Half and Half
Take half – leave half. It is probably the most common advice you’ll hear regarding grazing utilization. In my opinion it is bad advice. It was probably the brainchild of someone looking for a one-size-fits-all, easy-to-remember recipe. It may be easy to remember, but this recipe is likely to produce a crummy meal.
What does take half – leave half really mean? I often joke that grazing all of one plant and not touching the plant next to it is taking half and leaving half. While it isn’t what the proponents of this rule have in mind, it is often the result we get when stock density is low.
Of course, rather than taking half of the plants, the objective is to take half and leave half of each plant. But how much of the plant is half? If the grass in a pasture is 12 inches tall, grazing it halfway down to 6 inches is not taking half. The height:weight relationship varies from species to species and with different growing conditions, but typically, grazing a pasture from 12 inches to 6 inches removes about 20-25% of the forage. Removing 50% of the forage may mean grazing the pasture down to 2-3 inches.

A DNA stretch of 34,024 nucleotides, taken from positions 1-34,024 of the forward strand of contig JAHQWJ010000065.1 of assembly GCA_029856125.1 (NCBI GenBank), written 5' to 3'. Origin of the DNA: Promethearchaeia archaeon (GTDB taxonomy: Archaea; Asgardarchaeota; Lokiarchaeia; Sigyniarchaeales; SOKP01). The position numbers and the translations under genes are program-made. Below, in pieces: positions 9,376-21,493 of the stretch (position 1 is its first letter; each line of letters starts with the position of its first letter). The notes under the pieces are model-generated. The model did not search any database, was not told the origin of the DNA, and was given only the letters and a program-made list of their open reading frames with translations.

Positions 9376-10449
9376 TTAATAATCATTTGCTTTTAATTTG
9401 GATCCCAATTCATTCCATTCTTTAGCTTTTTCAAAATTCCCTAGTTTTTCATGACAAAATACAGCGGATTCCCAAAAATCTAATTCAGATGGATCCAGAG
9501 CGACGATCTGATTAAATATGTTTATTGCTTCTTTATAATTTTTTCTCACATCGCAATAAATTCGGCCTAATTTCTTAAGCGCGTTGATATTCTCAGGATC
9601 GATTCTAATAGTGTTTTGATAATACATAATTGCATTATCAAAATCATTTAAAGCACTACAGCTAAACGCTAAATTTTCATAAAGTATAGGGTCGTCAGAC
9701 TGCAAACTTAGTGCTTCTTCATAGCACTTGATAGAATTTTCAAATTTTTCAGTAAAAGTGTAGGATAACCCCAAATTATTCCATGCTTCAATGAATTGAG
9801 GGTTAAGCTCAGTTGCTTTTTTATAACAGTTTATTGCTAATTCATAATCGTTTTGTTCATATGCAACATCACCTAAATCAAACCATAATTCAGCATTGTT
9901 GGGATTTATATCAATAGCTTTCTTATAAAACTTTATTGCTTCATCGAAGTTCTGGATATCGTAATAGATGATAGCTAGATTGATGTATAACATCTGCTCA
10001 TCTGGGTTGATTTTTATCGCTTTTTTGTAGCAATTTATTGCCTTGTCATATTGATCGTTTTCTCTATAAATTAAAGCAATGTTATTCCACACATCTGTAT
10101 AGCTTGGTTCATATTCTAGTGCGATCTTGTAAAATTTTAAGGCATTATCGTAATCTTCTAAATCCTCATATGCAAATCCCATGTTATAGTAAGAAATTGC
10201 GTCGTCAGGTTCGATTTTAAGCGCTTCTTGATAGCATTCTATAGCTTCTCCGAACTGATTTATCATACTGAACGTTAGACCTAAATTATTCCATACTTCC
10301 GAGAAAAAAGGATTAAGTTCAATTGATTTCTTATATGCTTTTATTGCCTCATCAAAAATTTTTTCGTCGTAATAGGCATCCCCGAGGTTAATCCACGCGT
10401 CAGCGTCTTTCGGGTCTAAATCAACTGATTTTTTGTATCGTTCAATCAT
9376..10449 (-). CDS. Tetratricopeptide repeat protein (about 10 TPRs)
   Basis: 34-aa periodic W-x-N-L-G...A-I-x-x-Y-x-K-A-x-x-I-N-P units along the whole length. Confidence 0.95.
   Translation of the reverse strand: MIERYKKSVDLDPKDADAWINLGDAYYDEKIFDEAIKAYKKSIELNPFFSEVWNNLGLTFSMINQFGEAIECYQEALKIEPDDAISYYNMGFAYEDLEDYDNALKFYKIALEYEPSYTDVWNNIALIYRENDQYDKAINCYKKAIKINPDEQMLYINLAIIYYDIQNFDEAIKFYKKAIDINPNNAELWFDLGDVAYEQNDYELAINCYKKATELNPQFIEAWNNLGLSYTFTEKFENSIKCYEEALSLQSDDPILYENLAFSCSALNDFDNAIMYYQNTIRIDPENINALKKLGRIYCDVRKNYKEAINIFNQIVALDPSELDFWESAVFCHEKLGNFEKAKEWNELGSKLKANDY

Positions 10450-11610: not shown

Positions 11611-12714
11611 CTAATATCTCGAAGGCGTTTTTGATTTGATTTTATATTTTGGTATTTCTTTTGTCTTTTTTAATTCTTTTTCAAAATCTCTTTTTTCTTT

Here are the problems I have with the take half – leave half rule:
- Early in the growing season graziers who take half and leave half would find it very difficult to stockpile enough forage to build a significant feed bank for dormant season grazing.
- There is a minimum amount of residue that responsible graziers will leave behind to protect the soil. If take half – leave half applies in a normal year, then in a drought year you’ll need to take less than half to leave that minimum. Of course in a bumper year you’d be able to take more than half and still leave adequate residue.
- Take half – leave half ignores livestock performance needs. There may be times when a smart grazier wants to emphasize animal performance (e.g. flushing prior to breeding or promoting rapid gains on stockers). Generally speaking, and everything else being equal, animal performance will improve during any particular graze period by taking less and leaving more than half.
Take half – leave half is not a one-size-fits-all principle. It is a one-size-doesn’t-fit-very-many-very-well-very-often sound bite that smart graziers ignore.